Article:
What is wine tasting all about?


Look, smell, taste


There are three broad components in wine tasting: Appearance, Aroma, and Taste. Look at the wine, smell it, then taste -- and finally (if you are tasting more than four wines and don't want to end up under the table by the end of the evening) spit out the sample.


The first step is visual -- and here it is essential to use a long-stemmed wine glass that does not have any patterns or etchings that will detract and distract. Fill the wineglass about one-third full, never more than half-full.


Pick it up by the stem (holding the glass by the bowl hides the liquid from view; fingerprints blur its colour; the heat of your hand alters the wine's temperature) and focus on hue, intensity and clarity. Red wines lighten in colour with age, while whites deepen.


The wine should be clear (not cloudy) and bright. Swirl the wine in the glass to examine the 'tears' that form along the inside of the bowl -- this is an indication of the amount of alcohol in the wine (the more tears, the more alcohol).


Next, smell the wine by sticking your nose right into the wine glass and sniffing. There are various techniques, but the basic goal is the same: to draw the aromas deep into the nose and thence to the olfactory bulb where notes are registered and deciphered.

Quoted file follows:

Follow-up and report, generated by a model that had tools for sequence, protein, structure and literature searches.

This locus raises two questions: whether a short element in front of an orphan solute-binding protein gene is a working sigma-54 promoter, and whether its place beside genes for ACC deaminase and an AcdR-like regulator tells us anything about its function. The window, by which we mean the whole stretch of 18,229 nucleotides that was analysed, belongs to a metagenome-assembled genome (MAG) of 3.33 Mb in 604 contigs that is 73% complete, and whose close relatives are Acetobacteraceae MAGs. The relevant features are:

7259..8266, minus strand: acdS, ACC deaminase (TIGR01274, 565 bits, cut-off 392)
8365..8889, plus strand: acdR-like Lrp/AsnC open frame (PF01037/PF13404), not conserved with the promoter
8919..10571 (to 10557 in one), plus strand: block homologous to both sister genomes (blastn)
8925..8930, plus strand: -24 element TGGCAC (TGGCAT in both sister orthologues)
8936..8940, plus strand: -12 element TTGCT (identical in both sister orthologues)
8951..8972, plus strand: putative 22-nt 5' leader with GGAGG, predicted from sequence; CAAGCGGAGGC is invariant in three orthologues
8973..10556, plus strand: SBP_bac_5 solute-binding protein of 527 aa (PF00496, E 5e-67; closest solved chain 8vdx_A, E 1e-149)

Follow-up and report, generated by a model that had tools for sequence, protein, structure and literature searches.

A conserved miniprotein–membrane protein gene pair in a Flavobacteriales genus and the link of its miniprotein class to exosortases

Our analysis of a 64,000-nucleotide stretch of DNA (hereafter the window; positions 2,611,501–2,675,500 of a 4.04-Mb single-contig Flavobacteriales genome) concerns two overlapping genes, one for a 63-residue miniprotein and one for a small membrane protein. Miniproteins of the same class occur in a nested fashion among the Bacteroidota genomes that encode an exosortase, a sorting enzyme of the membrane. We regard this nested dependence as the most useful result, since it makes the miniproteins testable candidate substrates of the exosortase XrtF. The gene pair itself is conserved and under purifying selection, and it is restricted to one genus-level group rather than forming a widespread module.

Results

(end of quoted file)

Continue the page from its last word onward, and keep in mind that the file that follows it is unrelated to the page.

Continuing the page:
Complex aromas emanate from the wine: these range from flowery, fruity, mineral, herbaceous ('grassy') and spicy to burnt, animal (cat's pee' is a famous negative) and even ethereal ('waxy'), and each indicate the wine's quality and desirability.


Now comes the best part: with the aromas still reverberating through your senses, put the glass to your lips and sip -- but don't swallow right away! Roll the wine all around your mouth and even try to 'chew' the wine to draw out its flavour.


And don't forget the finish: after you swallow, exhale slowly through both the nose and mouth.


The tastes you will be exposed to fall into several categories -- the first is the 'dryness' or level of sugar in the wine, which is immediately apparent: to an untrained palate, a really dry wine comes across as sour! The next is the acid/ alcohol balance, which manifests itself as the 'mouth-feel' of the wine -- whether it is crisp/ sharp, watery or heavy.


Red wines may give a woody or astringent taste, depending on how the production process has been handled.


And, lastly, there is the aftertaste left in you mouth -- young wines have little or no aftertaste, while a good wine will leave a warm, lingering feeling in the back of your throat.


So, our hypothetical tasting is over. Most of the time, most of us drink young, simple wines. What you pay is what you get -- they may be flavourful and refreshing, but they don't warrant extended analysis.


Sometimes we splurge, opening a bottle from a topflight producer -- this is when tasting technique is essential for full appreciation. And once in a while we get lucky: a special night, close friends, an extraordinary bottle of wine -- that's what it's all about.

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